Liberty Reserve Tech Chief jailed for 5 years
In its heyday, Liberty Reserve was the darling of countless scams that populated the MLM underbelly. And that was only a fraction of the fraud they got up.
The argument that the payment processor was simply trying to be the next Paypal was never going to hold up in court. Yet that’s the excuse that was trotted out at a sentencing hearing for Mark Marmilev.
Marmilev, Liberty Reserve’s Technology Chief, was sentenced yesterday in a New York District Court.
Mark Marmilev, 35, pleaded guilty earlier this year to conspiring to operate a money transmitting business that failed to comply with federal registration requirements.
“This isn’t about online currency, digital currency,” U.S. District Judge Denise Cote told Marmilev as she imposed the maximum sentence he could have faced.
Marmilev’s attorney had argued that Liberty Reserve ‘was formed to compete with PayPal‘, however this argument was dismissed because
Liberty Reserve was used extensively by criminals, including those specializing in identity theft and Ponzi schemes, and found little indication of use by legitimate, mainstream online businesses.
Customers opened accounts under blatantly fictitious names that sometimes signaled their criminal purposes.
Liberty Reserve’s two founders have yet to be sentenced, but you can bet they’re going to be receiving similar if not harsher penalties than Marmilev’s 5 year sentence.
The jailing of a Liberty Reserve executive comes on the eve one of the larger Ponzi schemes in operation today gears up to announce their new payment processor.
After a short-lived run with Payoneer, they terminated their relationship with Achieve. The scheme has yet to hook up with a replacement payment processor.
Last week news broke that incoming investment into the scheme was now being handled by iPayDNA, but nothing yet has materialized on the withdrawal front.
iPayDNA appear to be accepting investments from Achieve affiliates using multiple unrelated business entities originating out of China.
After issues of credit card fraud and identity theft surfaced, Achieve Community co-founder was quick to brush aside investor concerns. Johnson explained that having multiple companies unrelated to the entity you are investing in appear on a credit card statement, was now occurring because Achieve is “an international company”.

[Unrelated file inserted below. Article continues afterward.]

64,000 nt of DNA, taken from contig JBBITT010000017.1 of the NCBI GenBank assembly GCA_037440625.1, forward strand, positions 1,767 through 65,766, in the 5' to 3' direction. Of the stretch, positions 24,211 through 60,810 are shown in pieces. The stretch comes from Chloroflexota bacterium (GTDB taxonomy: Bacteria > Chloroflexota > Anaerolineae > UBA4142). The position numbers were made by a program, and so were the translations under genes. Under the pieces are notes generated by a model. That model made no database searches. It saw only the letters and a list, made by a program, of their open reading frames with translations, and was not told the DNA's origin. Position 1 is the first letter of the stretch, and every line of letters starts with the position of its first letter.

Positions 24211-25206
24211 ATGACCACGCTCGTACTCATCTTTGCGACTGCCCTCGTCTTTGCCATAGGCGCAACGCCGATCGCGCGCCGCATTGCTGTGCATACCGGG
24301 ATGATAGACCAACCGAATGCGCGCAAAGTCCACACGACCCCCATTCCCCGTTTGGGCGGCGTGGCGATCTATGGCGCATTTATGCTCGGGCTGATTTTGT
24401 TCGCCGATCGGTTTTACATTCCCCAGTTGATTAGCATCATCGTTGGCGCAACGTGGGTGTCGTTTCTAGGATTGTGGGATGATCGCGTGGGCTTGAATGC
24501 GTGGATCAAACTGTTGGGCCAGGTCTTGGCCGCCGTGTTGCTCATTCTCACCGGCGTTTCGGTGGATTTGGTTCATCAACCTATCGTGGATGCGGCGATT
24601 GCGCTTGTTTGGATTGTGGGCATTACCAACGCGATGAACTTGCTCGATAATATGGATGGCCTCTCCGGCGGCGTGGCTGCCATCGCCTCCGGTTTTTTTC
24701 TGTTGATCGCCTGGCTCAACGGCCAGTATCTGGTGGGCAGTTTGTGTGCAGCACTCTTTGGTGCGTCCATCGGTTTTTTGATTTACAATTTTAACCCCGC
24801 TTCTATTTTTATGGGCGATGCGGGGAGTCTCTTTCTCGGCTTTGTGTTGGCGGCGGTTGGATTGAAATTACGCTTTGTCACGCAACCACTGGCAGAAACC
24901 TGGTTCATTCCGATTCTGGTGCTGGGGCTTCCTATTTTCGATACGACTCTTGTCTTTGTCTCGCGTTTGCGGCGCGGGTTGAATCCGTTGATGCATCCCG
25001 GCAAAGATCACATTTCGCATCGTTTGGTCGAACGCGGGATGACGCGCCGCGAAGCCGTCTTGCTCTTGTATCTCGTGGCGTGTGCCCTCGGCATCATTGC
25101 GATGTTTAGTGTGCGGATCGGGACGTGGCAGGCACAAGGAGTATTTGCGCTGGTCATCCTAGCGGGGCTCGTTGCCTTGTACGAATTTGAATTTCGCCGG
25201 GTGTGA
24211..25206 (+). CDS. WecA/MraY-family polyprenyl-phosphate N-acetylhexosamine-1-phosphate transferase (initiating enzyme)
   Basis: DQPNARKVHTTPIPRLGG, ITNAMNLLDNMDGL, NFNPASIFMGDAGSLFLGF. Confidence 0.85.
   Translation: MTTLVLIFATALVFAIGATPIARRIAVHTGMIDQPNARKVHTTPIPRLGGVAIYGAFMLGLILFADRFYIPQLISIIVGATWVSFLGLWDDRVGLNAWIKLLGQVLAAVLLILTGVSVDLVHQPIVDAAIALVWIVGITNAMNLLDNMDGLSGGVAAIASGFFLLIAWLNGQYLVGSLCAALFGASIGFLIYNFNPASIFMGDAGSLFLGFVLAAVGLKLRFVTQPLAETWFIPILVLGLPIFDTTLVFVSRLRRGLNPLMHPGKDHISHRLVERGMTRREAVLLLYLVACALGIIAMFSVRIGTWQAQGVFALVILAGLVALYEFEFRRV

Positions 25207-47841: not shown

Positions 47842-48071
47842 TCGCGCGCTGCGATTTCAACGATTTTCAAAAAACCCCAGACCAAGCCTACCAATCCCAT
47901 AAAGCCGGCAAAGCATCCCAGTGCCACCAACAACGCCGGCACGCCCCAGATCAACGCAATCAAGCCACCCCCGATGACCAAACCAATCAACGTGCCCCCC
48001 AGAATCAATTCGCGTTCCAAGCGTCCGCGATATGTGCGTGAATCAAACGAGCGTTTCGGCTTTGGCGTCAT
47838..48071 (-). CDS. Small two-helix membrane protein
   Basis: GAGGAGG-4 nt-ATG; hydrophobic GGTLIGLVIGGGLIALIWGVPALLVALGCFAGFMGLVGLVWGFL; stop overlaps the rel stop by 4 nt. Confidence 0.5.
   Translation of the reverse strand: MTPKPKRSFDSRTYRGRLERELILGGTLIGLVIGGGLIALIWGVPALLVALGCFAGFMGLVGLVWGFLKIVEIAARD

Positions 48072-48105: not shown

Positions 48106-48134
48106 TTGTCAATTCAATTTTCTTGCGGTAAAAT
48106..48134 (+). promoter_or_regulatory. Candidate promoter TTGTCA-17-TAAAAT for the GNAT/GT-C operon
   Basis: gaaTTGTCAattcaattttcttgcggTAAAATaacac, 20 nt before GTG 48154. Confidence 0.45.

Johnson had told affiliates a new withdrawal payment processor would be announced last week, however as of Friday an unnamed processor was “still working on getting (Achieve) set up”.
In a recent affiliate update, Johnson proclaimed Achieve Community now has “over 13,000” investors.
Personally I think we’re going to see more rogue payment processor operators shut down in 2015. Achieve Community solicit $50 investments on the promise of a $400 ROI, subject to enough new affiliate investment flowing in.
There’s no question of whether or not Achieve is fraudulent, it’s an out and out Ponzi scheme.
Anybody who hooks up a merchant account to Achieve has already demonstrated a complete failure at the most rudimentary of due diligence.
The fate of Liberty Reserve and its management should serve as an example to any processor who thinks otherwise.
Update 13th December 2014 – Some additional background information on Mark Marmilev from the DoJ:
Marmilev was a longtime associate of Liberty Reserve founder Arthur Budovsky, and he served as Liberty Reserve’s chief technology officer. In that role, Marmilev was principally responsible for designing and maintaining Liberty Reserve’s technological infrastructure.
Marmilev also promoted Liberty Reserve to criminals on the Internet, where, using aliases, he touted Liberty Reserve’s lack of anti-money laundering policies and its tolerance for “shady businesses.”
The Court found that Marmilev understood the illegal nature of Liberty Reserve’s business and that he knew that a wide array of criminal enterprises used Liberty Reserve to further their criminal activity.
“Marmilev used his technical expertise to create a virtual currency business that was used extensively by criminals throughout the world,” said Assistant Attorney General Caldwell. “Marmilev boasted that the crime group was beyond the reach of U.S. law enforcement, but he couldn’t have been more wrong.
Today’s prison sentence shows that those who hide their illegal activities on-line and off-shore will be caught and sent to prison.”
In addition to the jail sentence, Marmilev was also fined $250,000.
In conjunction with the sentencing, a civil forfeiture complaint was filed today seeking the forfeiture of Gourmet Boutique, a retail grocery business located in Brooklyn, New York, and the forfeiture of Marmilev’s interest in Grimaldi’s, a pizzeria located in the Coney Island area of Brooklyn, New York; according to the complaint, Marmilev purchased these business interests using more than $1.6 million in Liberty Reserve proceeds.
Hat tip to Don @ ASDUpdates for the heads up.
Article updated with additional information from the Department of Justice.
I’m seriously beginning to believe that some kids, when asked what they want to be when they grow up, answer…
“I wanna be a career criminal who operates a ponzi scheme when I grow up. Prison will be my home away from home for a little while.”